I think I fall on your side when calling it “amplitude,” but would love students to know what $$2f(x)$$ does to $$f(x)$$, regardless of the function.

This looks to me like a balance between two concerns:

• Tradition: Students should learn correct and standard terminology.
• Professionalism: Everyone involved should show a united front to the students.

Suppose the teacher, Mr. Flample, wants to call the coefficient of a cosecant function the "flamplitude." You have two choices of what to say to the student:

• "Which number does your teacher call the 'flamplitude'?"
• "Which number do we call the 'flamplitude'?"

This is not a subtle distinction, nor is it a difficult choice.

Choosing the first option is actively giving the student a reason to disengage from the class. That's bad for the student. Don't help students develop excuses to not learn mathematics.

• Have I misinterpreted Dave's comment above? I'm looking to understand the result of the path I take. If that result is an incorrect SAT answer, or a student confused by the teacher in the next year's class who stays with the strict definition, have I done right by my student? Feb 27, 2019 at 15:49
• @ChrisCunningham "Flamplitude" and "Hergert Numbers" do not have existing mathematical uses which contradict the definitions you are giving them. A more realistic comparison would be if they used the word "extremum" to mean any place where the derivative is zero. This contradicts the usual definition, and could cause real problems down the line. Feb 27, 2019 at 17:09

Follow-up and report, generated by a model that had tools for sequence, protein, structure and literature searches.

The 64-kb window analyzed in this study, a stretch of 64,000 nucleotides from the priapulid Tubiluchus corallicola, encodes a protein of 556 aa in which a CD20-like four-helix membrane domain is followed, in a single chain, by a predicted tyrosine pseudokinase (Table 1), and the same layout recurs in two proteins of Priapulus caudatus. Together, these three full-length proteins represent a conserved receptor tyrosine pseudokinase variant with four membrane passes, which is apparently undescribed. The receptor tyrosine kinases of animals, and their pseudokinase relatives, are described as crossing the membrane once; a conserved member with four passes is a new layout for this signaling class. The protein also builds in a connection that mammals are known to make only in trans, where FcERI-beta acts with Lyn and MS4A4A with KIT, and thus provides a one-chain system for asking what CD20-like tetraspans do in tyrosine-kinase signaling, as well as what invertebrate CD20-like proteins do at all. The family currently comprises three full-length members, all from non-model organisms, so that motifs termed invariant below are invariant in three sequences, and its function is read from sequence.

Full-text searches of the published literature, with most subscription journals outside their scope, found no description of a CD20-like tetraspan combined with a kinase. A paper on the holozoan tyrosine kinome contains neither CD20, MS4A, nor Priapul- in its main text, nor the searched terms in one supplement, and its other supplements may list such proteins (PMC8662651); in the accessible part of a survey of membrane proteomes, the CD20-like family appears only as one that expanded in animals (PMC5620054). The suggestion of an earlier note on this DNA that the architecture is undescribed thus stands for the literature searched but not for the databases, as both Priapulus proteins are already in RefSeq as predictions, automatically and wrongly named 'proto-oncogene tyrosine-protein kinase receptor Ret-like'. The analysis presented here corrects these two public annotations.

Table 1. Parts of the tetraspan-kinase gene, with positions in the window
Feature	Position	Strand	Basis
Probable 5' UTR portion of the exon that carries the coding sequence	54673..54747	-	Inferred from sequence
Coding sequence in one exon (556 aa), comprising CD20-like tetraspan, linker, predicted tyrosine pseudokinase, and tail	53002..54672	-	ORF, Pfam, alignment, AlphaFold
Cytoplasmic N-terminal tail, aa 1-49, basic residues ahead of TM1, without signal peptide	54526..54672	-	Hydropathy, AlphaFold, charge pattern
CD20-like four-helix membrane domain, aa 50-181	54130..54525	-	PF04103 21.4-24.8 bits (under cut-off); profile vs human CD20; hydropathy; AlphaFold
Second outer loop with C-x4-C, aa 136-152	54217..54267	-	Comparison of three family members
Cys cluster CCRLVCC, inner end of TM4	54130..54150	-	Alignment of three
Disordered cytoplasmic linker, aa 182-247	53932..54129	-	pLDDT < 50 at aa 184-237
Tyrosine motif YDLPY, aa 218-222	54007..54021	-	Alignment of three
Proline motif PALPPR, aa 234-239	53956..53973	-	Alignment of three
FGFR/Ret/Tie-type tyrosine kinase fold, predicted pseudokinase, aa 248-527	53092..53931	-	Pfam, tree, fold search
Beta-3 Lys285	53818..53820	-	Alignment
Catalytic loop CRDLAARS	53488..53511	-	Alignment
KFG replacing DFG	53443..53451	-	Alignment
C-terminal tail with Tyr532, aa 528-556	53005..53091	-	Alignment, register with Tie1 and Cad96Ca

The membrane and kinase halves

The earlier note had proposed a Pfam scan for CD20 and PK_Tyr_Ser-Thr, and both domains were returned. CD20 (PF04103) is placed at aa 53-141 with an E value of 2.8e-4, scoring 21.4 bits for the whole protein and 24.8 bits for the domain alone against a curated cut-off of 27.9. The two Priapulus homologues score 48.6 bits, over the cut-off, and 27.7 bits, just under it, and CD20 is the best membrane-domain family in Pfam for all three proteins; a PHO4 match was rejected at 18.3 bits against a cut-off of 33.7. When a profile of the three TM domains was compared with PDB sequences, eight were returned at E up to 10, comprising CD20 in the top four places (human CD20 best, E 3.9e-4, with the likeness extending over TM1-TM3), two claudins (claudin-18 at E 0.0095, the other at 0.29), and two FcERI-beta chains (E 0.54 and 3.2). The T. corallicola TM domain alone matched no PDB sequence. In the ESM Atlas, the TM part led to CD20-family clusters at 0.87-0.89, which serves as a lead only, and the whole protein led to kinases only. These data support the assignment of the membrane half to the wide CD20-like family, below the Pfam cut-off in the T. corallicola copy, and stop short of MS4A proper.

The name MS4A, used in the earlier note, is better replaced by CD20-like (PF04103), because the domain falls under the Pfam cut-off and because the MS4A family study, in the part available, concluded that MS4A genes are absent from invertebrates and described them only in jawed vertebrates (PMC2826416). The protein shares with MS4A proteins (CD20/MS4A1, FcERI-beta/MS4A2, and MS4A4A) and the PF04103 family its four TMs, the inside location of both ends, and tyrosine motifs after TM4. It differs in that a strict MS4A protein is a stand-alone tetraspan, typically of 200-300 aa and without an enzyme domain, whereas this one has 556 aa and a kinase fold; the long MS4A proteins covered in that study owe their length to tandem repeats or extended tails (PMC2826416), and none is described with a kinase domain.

• Wait, what? I thought you would say that the first question is the correct one. I would definitely ask the first question, stressing out that it is the particular teacher's word choice, not a common one. Then I would suggest looking in a textbook (if the students have one, because often there are no textbooks whatsoever) or online, at least in two different sources. "Everyone involved should show a united front to the students" - this is the same kind of BS that the police use when not prosecuting its own for offenses for which any regular Joe would serve time. Feb 27, 2019 at 17:49